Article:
Mangaluru (The Hindu): Started in 1841, the Press printed the first Kannada daily, Mangaluru Samachara. The Basel Mission Press, the first printing press in the State to be established in 1841, celebrated its 175th anniversary here on Sunday even as its administrators have plans to renovate the press and introduce a three-year diploma course in printing technology.
Besides offering the diploma course, the Karnataka Christian Education Society (KACES), which maintains the Press, plans to set up a museum for the old printing machines and the paraphernalia.
The first Kannada daily, Mangaluru Samachara, came out of Bassel Mission Press in its initial days of working, followed by newspapers of other languages. The Press also printed the first English-Kannada Nighantu (Dictionary) of Rev. Ferdinand Kittel, who was a priest with the Mission in South India.
Also, Dasara Padagalu was got printed by Herman Friedrich Moegling, a German missionary from the Mission here. The Press had also printed Malayalam-English Dictionary of Rev. Hermann Gundert, another German missionary, scholar and linguist.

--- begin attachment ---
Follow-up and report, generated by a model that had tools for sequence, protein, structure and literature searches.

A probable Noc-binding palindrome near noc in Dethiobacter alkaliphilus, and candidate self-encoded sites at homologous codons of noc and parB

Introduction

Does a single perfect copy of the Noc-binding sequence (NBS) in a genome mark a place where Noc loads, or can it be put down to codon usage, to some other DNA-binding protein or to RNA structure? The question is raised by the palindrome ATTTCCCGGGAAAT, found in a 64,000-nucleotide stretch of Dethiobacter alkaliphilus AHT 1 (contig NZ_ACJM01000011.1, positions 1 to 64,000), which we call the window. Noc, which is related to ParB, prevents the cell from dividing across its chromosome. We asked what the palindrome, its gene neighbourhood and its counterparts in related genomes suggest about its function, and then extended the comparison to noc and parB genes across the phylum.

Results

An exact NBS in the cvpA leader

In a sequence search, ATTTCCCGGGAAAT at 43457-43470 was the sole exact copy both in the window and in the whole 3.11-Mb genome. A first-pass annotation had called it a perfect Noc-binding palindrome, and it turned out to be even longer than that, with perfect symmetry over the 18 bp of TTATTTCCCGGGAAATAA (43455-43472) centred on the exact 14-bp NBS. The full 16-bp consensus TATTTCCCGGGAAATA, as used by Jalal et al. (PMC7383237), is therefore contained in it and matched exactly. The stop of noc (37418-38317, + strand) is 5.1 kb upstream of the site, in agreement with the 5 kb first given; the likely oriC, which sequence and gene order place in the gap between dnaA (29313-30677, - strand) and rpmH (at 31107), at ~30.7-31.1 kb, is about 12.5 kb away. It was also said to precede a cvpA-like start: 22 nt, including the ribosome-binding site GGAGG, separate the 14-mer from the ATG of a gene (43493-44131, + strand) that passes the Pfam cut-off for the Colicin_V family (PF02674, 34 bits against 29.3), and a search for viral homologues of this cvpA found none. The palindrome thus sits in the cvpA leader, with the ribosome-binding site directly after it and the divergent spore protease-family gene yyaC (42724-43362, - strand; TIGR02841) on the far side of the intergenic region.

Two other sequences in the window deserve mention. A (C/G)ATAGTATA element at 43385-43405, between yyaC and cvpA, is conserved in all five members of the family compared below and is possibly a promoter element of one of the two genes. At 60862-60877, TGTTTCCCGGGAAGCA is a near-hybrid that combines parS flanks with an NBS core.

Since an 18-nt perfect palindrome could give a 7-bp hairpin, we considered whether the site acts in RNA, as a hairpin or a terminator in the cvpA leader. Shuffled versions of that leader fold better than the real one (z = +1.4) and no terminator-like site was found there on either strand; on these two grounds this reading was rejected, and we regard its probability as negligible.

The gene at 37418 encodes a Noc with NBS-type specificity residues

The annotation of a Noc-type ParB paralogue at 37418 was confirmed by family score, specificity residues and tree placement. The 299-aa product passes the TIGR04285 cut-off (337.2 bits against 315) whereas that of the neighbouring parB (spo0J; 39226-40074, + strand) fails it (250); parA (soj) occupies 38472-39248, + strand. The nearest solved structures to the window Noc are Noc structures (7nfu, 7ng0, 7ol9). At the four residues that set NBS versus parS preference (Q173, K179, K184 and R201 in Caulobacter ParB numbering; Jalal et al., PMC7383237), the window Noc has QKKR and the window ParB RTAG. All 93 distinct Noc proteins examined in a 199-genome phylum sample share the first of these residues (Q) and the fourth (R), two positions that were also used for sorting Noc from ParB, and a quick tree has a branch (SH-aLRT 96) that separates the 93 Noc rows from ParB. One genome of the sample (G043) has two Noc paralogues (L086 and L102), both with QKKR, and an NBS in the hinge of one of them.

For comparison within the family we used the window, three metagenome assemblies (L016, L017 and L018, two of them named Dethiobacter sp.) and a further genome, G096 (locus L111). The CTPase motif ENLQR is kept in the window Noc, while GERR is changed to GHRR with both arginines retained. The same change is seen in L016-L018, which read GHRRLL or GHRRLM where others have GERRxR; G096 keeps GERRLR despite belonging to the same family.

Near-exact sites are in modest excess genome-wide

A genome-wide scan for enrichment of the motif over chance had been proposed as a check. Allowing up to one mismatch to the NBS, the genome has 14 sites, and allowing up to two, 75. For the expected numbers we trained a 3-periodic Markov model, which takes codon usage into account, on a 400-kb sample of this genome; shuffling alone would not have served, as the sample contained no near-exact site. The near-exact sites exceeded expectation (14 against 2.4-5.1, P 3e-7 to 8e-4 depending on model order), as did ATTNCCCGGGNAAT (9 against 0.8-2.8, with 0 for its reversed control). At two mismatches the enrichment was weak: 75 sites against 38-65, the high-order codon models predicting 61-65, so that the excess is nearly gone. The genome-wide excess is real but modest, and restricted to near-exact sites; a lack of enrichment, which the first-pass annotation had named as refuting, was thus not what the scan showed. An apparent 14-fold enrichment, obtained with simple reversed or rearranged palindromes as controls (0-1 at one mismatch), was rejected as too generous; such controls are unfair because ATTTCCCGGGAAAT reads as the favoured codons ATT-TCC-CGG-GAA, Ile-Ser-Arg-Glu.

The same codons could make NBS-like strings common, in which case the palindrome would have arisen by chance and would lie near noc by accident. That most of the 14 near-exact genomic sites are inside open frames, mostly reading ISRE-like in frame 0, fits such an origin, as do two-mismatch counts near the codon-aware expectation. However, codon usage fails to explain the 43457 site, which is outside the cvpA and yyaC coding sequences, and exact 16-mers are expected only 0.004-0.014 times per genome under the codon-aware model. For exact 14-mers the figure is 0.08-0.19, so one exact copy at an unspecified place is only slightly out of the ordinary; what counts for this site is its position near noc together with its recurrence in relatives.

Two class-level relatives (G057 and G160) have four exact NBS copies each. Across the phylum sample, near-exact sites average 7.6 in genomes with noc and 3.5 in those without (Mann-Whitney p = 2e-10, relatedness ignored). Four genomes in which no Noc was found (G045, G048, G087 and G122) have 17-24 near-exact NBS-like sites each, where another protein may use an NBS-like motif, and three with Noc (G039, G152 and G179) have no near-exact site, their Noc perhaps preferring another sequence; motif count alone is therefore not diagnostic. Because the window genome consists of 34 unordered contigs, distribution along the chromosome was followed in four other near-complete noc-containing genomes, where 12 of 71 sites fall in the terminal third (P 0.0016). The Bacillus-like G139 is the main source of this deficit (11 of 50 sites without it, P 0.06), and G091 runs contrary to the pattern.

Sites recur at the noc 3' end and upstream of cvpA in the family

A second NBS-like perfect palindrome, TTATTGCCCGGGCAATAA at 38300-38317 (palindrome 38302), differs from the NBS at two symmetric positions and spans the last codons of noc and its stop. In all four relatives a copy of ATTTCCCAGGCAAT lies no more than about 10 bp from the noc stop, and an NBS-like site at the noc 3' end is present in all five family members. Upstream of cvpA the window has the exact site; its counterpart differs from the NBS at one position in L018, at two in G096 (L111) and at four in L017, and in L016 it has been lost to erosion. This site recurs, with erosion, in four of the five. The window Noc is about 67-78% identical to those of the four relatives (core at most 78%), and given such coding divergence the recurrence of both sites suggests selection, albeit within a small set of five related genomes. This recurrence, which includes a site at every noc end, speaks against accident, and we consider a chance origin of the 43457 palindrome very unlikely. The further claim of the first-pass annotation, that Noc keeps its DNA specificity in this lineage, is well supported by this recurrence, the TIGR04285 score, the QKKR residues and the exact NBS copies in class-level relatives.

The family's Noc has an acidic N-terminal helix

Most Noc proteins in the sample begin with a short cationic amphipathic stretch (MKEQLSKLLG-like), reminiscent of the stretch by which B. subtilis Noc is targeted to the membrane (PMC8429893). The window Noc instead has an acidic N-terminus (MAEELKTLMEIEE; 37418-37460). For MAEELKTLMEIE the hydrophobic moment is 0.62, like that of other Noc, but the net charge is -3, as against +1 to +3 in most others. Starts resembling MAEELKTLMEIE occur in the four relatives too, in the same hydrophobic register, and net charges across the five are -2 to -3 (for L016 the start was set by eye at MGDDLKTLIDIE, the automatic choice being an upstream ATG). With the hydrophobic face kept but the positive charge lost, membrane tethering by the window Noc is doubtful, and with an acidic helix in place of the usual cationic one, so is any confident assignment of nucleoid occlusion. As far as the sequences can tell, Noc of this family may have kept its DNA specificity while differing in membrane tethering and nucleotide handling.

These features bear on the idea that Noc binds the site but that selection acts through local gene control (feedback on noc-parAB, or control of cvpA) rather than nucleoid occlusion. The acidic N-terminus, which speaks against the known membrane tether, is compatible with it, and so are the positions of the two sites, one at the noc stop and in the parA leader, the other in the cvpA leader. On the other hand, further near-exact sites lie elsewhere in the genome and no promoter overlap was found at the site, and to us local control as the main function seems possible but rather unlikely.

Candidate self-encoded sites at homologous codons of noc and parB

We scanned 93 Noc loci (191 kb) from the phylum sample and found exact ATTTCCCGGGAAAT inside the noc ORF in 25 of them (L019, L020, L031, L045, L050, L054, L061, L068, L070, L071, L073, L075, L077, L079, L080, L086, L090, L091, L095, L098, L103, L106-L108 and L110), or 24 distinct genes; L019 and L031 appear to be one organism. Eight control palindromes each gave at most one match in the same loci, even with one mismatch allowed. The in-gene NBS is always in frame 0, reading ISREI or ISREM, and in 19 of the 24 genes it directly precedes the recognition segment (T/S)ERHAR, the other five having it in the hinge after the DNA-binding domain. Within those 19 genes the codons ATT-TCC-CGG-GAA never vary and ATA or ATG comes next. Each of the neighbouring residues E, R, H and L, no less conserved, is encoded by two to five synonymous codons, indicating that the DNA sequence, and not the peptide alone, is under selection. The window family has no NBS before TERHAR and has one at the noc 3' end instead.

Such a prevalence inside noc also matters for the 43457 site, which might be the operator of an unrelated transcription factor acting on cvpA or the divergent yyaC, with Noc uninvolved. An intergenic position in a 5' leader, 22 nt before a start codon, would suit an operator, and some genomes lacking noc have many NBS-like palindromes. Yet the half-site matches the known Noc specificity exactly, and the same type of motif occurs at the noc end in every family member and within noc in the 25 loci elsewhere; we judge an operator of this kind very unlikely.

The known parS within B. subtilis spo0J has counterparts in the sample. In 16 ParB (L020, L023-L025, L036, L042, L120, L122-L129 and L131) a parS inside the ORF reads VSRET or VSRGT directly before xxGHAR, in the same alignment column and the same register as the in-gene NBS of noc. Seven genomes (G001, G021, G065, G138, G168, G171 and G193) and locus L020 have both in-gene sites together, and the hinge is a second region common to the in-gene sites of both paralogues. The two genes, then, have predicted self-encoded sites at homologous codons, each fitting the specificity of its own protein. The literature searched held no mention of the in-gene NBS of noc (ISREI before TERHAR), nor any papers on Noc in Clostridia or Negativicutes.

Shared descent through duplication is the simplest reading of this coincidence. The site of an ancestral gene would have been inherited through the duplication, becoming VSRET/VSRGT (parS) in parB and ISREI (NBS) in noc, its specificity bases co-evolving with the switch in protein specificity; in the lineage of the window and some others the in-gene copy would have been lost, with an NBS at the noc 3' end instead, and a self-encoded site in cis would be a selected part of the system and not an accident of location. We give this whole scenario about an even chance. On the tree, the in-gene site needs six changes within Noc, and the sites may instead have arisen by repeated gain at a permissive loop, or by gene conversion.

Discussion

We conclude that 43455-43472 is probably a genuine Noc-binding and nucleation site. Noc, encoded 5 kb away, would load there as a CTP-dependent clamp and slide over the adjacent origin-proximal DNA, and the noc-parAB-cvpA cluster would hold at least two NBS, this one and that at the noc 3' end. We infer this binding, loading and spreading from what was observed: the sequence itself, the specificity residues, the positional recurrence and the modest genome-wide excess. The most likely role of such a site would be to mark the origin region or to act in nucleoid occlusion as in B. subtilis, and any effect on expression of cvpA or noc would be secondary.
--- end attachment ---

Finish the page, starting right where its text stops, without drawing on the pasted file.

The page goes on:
According to society secretary Rev. Hannibal Cabral, a host of activities are planned to commemorate the 175 years of the founding of the press during 2016-17. The Press is functional under the name of Basel Institute of Printing Technology offering two-year apprenticeship course in book binding and has 15 employees, he said.
Rev. Cabral said that the society would renovate the Press, introduce modern printing machinery and commence a diploma programme in printing technology besides offering more employment.
After the Press was opened by German missionaries from Basel, the print types were brought by Peblest from Germany in 1851-52. Till 1901, print types of regional languages and European languages were brought from Germany. The Press got its own unit of print type production in 1901 and another unit to design drawing and art map, etc., was opened in 1904.
Since the Press had its own publishing division, it printed and published hundreds of books even as it got orders for printing textbooks from the governments of Bombay and Madras. Colour printing started in 1904 after three new machinery were brought from Germany. Meanwhile, the Press also commenced training programme in printing technology and book binding for the youth, who later opened own printing units in the region.
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